"So there are a lot of good reasons why there is anxiety and why there is fear, but anxiety and fear don't solve the problems. Resolve and conviction and a good bill will," he said.

Cardenas maintains that Democrats as well as Republicans risk losing Hispanic votes over the immigration issue.

"If the House version of the bill does not have a path to citizenship, does the president veto the bill or does the Senate refuse to pass it?" he says. "And if that's the case, will Hispanics consider the Democrats to have taken away from these folks the right to be here legally?
"On the other hand, if a bill satisfactorily passes at conference and goes to the House and is voted down, there is concern that the conservatives and the Republicans are just a no party and are not willing to compromise on a crisis in the country. So both sides stand to potentially lose depending on how this plays out."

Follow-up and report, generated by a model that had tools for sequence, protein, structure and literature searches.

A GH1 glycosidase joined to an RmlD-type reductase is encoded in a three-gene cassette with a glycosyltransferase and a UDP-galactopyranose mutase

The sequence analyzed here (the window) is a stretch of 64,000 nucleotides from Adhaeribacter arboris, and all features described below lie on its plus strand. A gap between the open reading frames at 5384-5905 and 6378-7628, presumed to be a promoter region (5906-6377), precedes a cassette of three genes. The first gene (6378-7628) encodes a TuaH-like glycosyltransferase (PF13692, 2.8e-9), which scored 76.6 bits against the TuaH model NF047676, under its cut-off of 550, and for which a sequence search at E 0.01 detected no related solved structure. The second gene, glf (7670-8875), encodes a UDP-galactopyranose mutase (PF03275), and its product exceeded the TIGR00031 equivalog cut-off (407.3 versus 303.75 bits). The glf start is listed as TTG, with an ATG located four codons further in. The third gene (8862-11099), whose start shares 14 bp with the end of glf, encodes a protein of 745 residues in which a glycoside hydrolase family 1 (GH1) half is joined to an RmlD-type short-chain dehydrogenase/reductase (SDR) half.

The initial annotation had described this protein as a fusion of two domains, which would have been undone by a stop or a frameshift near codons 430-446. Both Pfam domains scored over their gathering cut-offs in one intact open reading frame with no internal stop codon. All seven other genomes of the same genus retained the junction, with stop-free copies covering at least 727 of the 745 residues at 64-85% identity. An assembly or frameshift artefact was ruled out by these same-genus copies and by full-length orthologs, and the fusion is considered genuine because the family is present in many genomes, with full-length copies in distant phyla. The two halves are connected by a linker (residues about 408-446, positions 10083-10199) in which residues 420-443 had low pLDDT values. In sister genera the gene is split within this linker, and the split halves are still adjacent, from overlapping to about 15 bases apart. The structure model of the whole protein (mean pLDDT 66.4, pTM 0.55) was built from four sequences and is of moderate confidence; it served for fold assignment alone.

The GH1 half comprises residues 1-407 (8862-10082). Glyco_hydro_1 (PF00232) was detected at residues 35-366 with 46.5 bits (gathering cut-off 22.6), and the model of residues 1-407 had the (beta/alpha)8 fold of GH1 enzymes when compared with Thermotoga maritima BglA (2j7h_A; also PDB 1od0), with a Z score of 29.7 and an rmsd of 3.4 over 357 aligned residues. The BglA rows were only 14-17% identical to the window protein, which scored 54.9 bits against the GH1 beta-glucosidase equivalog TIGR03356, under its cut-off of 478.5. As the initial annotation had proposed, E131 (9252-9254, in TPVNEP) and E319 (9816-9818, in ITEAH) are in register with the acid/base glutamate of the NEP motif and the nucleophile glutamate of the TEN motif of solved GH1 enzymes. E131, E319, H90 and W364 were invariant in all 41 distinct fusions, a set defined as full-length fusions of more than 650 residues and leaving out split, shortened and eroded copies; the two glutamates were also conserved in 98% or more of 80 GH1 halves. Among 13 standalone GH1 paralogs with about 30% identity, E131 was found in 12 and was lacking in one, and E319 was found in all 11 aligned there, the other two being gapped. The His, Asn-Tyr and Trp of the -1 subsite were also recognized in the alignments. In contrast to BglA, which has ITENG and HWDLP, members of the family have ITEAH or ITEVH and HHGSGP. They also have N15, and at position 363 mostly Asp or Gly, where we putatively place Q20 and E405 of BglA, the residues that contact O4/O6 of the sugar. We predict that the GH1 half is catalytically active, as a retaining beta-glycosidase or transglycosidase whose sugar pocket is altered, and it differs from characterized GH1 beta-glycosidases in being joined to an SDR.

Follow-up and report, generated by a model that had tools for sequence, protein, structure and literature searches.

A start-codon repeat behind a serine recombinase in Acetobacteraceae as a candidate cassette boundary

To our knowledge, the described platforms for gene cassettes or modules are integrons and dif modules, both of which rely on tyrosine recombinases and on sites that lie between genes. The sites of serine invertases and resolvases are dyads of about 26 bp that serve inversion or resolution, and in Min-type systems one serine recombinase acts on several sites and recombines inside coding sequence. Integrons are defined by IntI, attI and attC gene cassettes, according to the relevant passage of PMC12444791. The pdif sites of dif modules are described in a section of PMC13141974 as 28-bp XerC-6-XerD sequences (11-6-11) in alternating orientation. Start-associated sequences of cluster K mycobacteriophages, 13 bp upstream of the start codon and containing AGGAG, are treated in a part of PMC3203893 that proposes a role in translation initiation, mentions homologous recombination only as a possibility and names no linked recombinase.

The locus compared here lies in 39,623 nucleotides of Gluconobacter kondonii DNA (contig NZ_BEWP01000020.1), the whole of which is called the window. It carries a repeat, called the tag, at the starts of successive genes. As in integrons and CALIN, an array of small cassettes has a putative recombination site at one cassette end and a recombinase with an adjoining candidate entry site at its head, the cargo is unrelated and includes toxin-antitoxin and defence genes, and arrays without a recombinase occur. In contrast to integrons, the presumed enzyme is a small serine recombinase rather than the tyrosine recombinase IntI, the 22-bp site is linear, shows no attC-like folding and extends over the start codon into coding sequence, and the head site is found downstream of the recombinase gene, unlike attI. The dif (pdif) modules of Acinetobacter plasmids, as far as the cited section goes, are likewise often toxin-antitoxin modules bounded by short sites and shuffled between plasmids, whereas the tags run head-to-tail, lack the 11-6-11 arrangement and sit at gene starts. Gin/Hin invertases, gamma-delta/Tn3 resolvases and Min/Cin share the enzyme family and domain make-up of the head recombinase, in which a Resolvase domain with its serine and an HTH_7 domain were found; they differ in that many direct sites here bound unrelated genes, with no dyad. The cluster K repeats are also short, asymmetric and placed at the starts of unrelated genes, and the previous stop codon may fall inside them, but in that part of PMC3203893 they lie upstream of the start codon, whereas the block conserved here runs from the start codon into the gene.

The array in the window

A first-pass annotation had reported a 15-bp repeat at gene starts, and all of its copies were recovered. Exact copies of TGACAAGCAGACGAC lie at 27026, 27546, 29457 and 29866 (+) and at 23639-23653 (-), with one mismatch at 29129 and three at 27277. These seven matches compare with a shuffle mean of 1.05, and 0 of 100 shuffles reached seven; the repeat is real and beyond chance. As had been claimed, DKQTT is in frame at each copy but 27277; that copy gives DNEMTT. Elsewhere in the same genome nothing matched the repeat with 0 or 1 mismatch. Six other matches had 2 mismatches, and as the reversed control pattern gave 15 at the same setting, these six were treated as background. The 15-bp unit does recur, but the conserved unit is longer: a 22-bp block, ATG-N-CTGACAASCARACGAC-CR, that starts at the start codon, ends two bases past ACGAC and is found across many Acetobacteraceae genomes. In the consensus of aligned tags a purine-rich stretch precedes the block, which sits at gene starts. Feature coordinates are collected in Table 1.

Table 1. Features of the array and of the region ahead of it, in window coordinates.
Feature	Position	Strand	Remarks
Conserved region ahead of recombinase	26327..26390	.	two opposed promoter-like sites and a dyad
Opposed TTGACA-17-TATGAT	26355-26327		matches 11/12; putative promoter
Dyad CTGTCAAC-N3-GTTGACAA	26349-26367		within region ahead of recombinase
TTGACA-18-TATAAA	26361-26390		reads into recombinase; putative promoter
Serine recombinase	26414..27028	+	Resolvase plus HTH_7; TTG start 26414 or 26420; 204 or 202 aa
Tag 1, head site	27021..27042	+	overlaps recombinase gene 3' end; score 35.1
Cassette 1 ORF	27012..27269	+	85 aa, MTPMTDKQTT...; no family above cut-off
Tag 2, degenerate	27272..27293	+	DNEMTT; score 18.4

Regarding the 11 million illegal aliens already in the country, Cardenas says "there are only four alternatives. One, de facto amnesty, which is illegal. Two is mass deportation that even conservatives say is just not going to work. So you basically have two choices — some sort of legal status without a path to citizenship, or the path to citizenship that the Senate passed. Either of those versions in my opinion would work."

Commenting on the Obama administration's decision to delay for a year implementation of the employer mandate to provide healthcare insurance, pushing it back to 2015, Cardenas tells Newsmax: "It looks like Obamacare is just not going to work. Larger employers are going into self-insurance rather than participating in his program and many others are saying they'd rather pay a penalty than participate, and there still will be 30 million or so Americans that will be uninsured in spite of Obamacare.

"So in my opinion, this thing's not working. Many states don't want to participate in the Medicaid component of it, and postponing it is just making sure that by the 2014 elections the Democrats don't have to bear the burden of a bill that doesn't work.

"And incidentally, postponing it is not legal. The bill had a timeline set by Congress and I don't believe the executive branch can expand it unilaterally. If they're going to expand it from 2014 to 2015, it requires a bill amendment in Congress."